So I whipped out the credit card and went online to find a pair in a size 50. But guess what? No one has them. Not just in a size 50 but pretty much any size. I contacted 45NRTH and they confirmed that demand had outstripped supply and that I should check back in November. NOVEMBER!! It’s bloody February!

After a week of searching online and calling bike shops around the nation I spotted an ad on the Facebook Fat Bike Trader group. ‘Lightly used Wolvhammer mountain bike boots - $275’. Shi’ite, that’s pretty steep for a pair of used boots.

I’ve never bought used boots in my life, and they idea kinda repelled me, but I was pretty desperate. So I PM’d the bloke and we went back and forth for a while, but when I asked him ‘have you ever had trench-foot?’, he stopped responding to my PM’s. Caught ya.

Anyway, to cut a long story ever so slightly short, I still have the same boots that I bought going into the season, and they don’t work too well.

Oh, I should also say that on the advice of some bloke on a forum I splurged about $35 on a pair of fleece-lined neoprene socks from this place - Socks. Another waste of money, they did nothing to help.

So I’ve pretty much resigned myself to winging it until next season, where I’ll pick up the Wolvhammers, or whatever is flavor of the month by then.

To round-off the feet, yeah, I’ve tried chemical toe warmers but they’re a waste of time. They’re air-activated and there’s insufficient oxygen in my boots to allow the chemicals to activate and generate heat. So when I take my boots off after a two hour ride, the chemical ‘warmers’ are cold. Then 15 minutes after I’ve taken the boots off they’re nice and warm. Go figure.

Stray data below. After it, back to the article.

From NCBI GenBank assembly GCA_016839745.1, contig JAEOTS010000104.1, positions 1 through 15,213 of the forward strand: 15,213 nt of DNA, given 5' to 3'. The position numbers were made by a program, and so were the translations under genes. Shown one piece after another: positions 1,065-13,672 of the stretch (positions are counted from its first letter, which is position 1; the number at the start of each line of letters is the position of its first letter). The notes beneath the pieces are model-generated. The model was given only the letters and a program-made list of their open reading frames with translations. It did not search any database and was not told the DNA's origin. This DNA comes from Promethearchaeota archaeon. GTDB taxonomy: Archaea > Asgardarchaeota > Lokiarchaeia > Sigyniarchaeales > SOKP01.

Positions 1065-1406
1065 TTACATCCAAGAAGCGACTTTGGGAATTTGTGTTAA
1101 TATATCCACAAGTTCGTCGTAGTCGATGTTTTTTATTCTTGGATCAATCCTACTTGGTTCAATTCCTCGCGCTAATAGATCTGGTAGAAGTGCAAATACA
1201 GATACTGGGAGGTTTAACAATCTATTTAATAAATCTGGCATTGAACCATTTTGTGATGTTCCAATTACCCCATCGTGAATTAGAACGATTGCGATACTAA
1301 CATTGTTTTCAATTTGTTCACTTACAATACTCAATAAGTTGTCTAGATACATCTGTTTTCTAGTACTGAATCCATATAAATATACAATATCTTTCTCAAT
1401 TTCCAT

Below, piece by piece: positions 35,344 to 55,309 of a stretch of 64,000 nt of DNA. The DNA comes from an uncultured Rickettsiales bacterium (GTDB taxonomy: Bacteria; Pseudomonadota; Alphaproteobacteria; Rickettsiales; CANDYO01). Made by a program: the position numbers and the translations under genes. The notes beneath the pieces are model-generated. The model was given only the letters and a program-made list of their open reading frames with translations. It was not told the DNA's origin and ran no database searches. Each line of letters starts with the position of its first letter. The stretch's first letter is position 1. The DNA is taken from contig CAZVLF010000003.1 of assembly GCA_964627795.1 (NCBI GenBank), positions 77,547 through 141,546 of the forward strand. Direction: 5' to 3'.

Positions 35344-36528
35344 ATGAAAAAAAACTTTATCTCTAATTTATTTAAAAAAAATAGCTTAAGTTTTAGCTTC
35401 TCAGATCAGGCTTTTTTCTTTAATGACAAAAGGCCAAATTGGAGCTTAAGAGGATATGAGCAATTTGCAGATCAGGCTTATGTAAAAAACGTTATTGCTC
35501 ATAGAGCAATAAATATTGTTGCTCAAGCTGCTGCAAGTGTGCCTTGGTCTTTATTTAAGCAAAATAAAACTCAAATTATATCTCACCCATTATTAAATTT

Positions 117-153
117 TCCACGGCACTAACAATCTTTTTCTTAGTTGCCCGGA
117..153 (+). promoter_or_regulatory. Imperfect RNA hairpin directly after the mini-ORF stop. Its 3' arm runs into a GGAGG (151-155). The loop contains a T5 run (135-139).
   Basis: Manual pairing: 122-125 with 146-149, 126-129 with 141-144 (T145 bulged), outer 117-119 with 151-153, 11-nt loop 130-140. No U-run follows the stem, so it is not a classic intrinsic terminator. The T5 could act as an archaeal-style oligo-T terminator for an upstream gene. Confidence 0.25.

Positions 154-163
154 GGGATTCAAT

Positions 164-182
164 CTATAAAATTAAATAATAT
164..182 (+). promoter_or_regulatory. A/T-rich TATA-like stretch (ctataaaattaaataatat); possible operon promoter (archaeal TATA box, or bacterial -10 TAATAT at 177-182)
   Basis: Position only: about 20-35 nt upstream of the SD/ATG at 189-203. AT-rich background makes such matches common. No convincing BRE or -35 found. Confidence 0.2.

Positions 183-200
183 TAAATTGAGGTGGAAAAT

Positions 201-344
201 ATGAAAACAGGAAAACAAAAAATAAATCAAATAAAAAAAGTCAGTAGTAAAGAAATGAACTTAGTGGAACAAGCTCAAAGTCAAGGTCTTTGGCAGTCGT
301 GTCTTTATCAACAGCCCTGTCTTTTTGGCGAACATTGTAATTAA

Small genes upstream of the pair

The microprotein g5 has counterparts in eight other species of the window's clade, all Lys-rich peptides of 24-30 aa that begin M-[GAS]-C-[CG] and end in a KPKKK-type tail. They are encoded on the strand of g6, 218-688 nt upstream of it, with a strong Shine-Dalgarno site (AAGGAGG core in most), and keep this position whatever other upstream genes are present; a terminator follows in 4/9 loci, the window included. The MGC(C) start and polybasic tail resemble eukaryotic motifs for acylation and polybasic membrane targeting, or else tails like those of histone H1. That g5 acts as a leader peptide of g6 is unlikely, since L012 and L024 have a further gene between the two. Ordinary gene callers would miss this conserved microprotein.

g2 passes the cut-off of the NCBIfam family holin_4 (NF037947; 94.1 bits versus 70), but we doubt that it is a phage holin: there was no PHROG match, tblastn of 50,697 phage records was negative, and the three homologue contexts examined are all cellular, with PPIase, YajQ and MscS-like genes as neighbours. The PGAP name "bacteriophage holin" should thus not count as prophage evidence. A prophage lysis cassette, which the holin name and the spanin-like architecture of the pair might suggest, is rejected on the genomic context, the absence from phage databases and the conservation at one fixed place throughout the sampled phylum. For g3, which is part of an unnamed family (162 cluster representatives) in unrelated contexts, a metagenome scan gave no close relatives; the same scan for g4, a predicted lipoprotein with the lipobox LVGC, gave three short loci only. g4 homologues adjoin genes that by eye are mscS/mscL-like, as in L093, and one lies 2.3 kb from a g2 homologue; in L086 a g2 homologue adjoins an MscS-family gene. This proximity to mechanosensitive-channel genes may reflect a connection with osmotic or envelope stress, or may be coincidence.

About the only thing that’s made a difference is a pair of heavy wool socks that I picked up for $14 at Cabela’s. I’ve tried other wool socks, various combinations of different thicknesses etc, but the Cabela socks seem to work a little better than the others I’ve tried.


I highly recommend Pogies, and if you click the link at the start of this ramble you’ll find the link to the cheap ones I bought from Amazon (less than $20).

Pogies keep the wind off your hands nicely, the down side is that they do restrict your ability to operate the shifters a little. It was fine on the old Charge Maxi, but on the new Beargrease with the longer shifters, it’s a bit tight. Also, when falling off the bike, as I do frequently, I’m sometimes unable to get my hand out of the pogie quickly enough, so I hit the deck using my elbow as the set down point. I imagine I look just as spastic as someone doing a fall-over while clipped-in.

Anyway, the pogies (or bar mitts as people call them) do help.

I’ve also found that the insulated riding gloves I use make my hands sweat. They’re great at the start but once the gloves get wet their capacity to retain warmth diminishes and my hands start to freeze. So a trick I found is to wear a pair of those surgical latex gloves under the insulated gloves. They contain the moisture and prevent the outer gloves from getting wet.

So that’s it, really. I’ve spent enough this season on gear, so any further additions will need to wait until next season.

If you have any thoughts, ideas, tips or tricks, please share!